What are the 3 main challenges that Asia’s Oil & Gas industry must overcome in 2020?
1. M&A: the ‘For Sale’ signs are still up
Never has there been so much on offer. The Supermajors continue to sell assets in region, the large and mid-caps are following suit and the NOCs seeking financial and technological support on ever-maturing asset all means that there will be no shortage of acquisition opportunities in 2020.
We assess the Majors alone to hold US$18 billion worth of non-core assets in Asia Pacific, providing plenty of potential deals in the pipeline. Divesting late-life assets, low-return pre-FID projects and positions with limited growth potential will be the order of the day. Emissions intensive assets will also But the pool of potential buyers has never been so shallow. For many upcoming or live opportunities, we can count the number of serious contenders on one hand. Regionally-focused players continue to be the biggest buyers, but some of the most ambitious are still digesting recent purchases.
2. A bumper year for APAC FIDs
We expect an uptick in FIDs this year after a slow 2019, providing a welcome boost in major project sanctions across Asia-Pacific. We expect US$35 billion of new development expenditure and 4.6 billion boe of resource to be sanctioned in 2020 – 2019 saw only US$5.5 billion and 1.2 billion boe of new projects getting the go ahead. But it’s not all plain sailing for new investment decisions in Asia. Regulatory delays, uncompetitive economics and political agendas have long hindered final project sanctions in Southeast Asia and this is likely to continue this year.
3. Upstream players wrestle with the energy transition
A heightened awareness of the energy transition across Asia-Pacific through 2019 sets the stage for action and recalibration in 2020. One of the key upstream signposts will be how the NOCs address emissions as to-date national energy needs have usually trumped environmental concerns when it comes to upstream development decisions – faster and cheaper has won out over tougher but greener. But this is changing and we expect more messaging from Asia’s NOCs in 2020, as the global upstream industry plots a more sustainable future.
What are the fundamental factors in ensuring a successful acquisition?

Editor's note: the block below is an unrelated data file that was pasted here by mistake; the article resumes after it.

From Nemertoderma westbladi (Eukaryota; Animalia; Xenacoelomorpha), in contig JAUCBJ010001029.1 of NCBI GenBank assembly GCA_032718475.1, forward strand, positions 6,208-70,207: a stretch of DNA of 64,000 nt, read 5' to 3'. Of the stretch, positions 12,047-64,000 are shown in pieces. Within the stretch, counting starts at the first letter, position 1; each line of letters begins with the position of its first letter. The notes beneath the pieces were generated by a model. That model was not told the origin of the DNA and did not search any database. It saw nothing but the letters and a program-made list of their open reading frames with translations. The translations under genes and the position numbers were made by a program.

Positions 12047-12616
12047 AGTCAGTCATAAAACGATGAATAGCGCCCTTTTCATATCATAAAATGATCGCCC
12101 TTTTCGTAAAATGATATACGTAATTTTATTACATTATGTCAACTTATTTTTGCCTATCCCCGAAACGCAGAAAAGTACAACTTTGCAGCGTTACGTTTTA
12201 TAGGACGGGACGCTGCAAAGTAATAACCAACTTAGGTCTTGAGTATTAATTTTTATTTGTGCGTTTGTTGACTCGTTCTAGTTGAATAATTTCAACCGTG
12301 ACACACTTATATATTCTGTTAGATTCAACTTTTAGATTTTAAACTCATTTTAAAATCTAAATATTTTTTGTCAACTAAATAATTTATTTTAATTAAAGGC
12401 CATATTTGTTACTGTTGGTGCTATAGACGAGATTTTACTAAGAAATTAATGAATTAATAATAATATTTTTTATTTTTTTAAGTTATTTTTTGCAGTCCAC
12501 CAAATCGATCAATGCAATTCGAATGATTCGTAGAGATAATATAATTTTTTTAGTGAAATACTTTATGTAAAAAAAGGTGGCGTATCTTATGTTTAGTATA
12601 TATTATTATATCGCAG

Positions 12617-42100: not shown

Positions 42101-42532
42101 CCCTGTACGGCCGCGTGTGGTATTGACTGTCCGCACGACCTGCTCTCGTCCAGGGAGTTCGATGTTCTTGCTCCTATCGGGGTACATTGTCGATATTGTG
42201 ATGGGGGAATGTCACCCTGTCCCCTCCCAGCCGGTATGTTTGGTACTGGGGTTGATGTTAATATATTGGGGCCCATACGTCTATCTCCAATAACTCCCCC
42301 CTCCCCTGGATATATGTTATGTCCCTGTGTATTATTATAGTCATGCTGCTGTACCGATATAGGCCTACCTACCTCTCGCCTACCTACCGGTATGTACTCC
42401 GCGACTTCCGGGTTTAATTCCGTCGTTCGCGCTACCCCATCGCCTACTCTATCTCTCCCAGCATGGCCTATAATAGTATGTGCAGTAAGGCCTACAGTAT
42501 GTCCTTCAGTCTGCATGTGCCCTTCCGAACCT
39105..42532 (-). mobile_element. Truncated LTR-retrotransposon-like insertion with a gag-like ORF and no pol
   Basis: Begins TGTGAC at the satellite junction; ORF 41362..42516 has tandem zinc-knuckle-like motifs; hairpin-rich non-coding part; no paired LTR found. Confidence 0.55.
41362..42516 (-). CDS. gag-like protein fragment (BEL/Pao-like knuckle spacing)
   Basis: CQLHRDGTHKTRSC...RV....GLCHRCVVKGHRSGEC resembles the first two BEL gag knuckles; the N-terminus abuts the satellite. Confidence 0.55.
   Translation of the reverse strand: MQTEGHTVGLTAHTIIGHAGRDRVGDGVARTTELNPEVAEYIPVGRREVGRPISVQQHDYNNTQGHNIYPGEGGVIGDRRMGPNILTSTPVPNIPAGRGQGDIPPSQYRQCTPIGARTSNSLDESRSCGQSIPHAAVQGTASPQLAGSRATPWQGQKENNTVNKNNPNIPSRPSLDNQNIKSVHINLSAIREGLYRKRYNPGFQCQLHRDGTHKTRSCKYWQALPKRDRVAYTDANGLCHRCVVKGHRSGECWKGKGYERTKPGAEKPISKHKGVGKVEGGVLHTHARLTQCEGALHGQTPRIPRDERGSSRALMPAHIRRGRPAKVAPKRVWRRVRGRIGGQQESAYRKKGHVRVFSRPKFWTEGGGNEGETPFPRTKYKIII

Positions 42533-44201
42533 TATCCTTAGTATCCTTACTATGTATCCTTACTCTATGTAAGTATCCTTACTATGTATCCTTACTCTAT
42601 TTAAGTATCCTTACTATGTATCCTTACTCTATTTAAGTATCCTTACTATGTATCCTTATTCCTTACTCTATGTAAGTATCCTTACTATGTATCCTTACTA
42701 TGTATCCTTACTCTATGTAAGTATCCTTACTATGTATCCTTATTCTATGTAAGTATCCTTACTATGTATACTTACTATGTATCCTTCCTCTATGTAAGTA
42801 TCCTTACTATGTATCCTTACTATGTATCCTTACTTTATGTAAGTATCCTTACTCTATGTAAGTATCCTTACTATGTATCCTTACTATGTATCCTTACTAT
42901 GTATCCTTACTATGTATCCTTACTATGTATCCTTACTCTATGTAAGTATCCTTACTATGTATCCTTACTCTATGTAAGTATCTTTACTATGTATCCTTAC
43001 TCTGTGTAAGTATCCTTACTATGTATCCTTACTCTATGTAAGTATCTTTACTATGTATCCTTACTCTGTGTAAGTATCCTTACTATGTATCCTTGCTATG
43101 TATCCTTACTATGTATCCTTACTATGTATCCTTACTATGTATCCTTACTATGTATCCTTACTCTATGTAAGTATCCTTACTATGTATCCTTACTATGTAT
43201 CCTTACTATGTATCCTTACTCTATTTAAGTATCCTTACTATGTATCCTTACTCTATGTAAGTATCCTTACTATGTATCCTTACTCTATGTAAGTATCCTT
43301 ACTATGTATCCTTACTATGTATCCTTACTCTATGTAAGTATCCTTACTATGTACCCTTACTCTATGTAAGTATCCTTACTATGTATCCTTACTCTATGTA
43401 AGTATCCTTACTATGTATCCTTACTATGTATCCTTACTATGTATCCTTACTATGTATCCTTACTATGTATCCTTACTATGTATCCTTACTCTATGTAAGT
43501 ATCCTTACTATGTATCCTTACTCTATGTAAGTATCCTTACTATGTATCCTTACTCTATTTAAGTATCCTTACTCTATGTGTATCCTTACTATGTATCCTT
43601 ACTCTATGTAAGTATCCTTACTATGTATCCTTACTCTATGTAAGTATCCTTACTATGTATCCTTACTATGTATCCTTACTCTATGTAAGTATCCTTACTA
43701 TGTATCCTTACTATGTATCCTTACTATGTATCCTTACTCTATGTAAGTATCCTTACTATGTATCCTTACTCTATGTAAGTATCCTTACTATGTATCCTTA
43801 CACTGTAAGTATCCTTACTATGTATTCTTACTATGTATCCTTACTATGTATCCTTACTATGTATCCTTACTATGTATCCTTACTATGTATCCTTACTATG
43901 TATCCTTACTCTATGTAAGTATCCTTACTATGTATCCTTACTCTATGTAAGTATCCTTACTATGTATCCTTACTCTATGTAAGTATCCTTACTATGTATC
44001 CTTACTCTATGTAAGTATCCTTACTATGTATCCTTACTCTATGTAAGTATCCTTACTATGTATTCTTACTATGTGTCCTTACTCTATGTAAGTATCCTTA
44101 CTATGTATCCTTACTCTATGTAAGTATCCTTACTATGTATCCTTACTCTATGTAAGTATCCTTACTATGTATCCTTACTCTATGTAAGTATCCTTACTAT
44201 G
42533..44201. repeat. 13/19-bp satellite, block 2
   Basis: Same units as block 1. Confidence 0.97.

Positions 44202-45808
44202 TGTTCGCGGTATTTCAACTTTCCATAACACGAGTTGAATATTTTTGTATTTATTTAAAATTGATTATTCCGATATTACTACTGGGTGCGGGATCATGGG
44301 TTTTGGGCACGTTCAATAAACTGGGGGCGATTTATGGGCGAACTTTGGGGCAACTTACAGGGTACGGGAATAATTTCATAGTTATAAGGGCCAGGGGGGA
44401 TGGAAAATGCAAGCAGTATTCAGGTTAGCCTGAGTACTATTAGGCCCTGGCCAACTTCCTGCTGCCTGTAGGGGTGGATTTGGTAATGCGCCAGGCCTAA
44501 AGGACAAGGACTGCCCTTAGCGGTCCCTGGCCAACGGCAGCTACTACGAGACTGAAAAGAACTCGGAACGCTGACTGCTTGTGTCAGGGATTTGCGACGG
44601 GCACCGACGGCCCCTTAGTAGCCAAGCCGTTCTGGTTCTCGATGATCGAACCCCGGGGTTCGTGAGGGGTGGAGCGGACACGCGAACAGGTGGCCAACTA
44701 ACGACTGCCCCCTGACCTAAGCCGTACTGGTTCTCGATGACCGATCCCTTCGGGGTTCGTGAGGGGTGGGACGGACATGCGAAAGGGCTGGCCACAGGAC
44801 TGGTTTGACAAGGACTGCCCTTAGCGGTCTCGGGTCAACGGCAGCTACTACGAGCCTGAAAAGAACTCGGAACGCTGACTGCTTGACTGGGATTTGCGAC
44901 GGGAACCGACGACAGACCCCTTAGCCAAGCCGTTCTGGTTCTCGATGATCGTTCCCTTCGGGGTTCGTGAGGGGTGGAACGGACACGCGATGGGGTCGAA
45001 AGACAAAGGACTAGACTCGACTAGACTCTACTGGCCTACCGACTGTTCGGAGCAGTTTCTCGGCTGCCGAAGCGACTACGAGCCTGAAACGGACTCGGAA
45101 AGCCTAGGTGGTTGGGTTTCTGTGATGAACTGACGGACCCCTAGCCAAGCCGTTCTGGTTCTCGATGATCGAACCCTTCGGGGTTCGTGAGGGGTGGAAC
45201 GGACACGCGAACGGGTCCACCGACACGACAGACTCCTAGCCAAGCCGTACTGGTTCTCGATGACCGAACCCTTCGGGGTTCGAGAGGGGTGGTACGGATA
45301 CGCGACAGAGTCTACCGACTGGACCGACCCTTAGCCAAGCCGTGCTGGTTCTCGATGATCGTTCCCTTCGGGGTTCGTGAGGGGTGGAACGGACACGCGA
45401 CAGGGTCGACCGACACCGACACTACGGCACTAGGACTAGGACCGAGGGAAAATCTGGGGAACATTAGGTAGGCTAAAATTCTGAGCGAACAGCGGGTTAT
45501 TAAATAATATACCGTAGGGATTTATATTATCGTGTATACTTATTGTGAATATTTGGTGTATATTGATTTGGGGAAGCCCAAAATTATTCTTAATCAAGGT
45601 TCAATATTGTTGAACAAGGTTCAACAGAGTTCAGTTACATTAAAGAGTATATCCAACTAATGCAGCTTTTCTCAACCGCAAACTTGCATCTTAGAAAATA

Being on the right side of the oil price bet is obviously important, but in the absence of a crystal ball, there are others. Know the region/country, the assets and your value creation strategy. Be willing to pay more for the ‘right’ deals. While having operatorship tends to give a better return, this could be the time to align with those operators with real expertise and with attractive investment plans. Pre-production assets are often the most exciting and tick the box in terms of growth. But risk them accordingly. Ultimately, don’t let over-arching corporate goals erode value.
Will Asia’s Oil & Gas Sector be able to lure Private Equity away from other regions, for example the North Sea? How must Upstream O&G companies and governments adapt their strategies?
Regulatory challenges, tricky fiscal terms and increasingly dominant NOCs have deterred new entrants, particularly private equity. Will more compelling opportunities elsewhere suck up what limited capital there is for M&A? Perhaps, though not guaranteed. But there will be well-priced opportunities to grow in Asia and in particular look out for small players building their niche and late-life specialists expanding which could both drive PE interest.
With Upstream O&G companies facing ever increasing environmental pressure, where are their investments best spent? Do Gas & New Energies offer sufficient upside and sustainable returns?
All oil and gas companies have been working to transform their upstream portfolios in recent years. Key to this has been maximising what they already have, ie lowering costs and breakevens and producing more from within the portfolio. This has been done through laser-sharp capital discipline and efficiency and a greater focus on technology and digitalisation. The result has been falling corporate cashflow breakevens and rising returns from growth projects. Gas, particularly LNG, is critical to this and we are now in the greatest expansion of new LNG capacity ever seen as companies position for a low carbon future. To achieve this, a number of companies – but by no means all – are re-engineering portfolios for resilience, moving down the cost curve and building in climate risk strategies through relevant resource capture, disposals, minimising emissions and moving into low carbon investments. Returns in these areas may not necessarily be as attractive as their core upstream businesses, but this diversification is key to long-term growth and invisibility.
Which Asian market do you believe holds the most potential in 2020? Why?
Indonesia, though the jury is still out. 2019 was a positive year for industry given the stability provided by President Widodo’s re-election and the positive signals offered by the extension of ConocoPhillips’ Corridor PSC and approval of the revised Plan of Development for the Abadi LNG project. But was 2019 a one-off, or is Indonesia going to make continued, concrete efforts to woo international O&G investors? I’m hopeful we will see further progress, as the country must compete for investment in an ever-competitive global E&P landscape. To achieve this, the right level of regulatory, legal and fiscal support will be critical in 2020.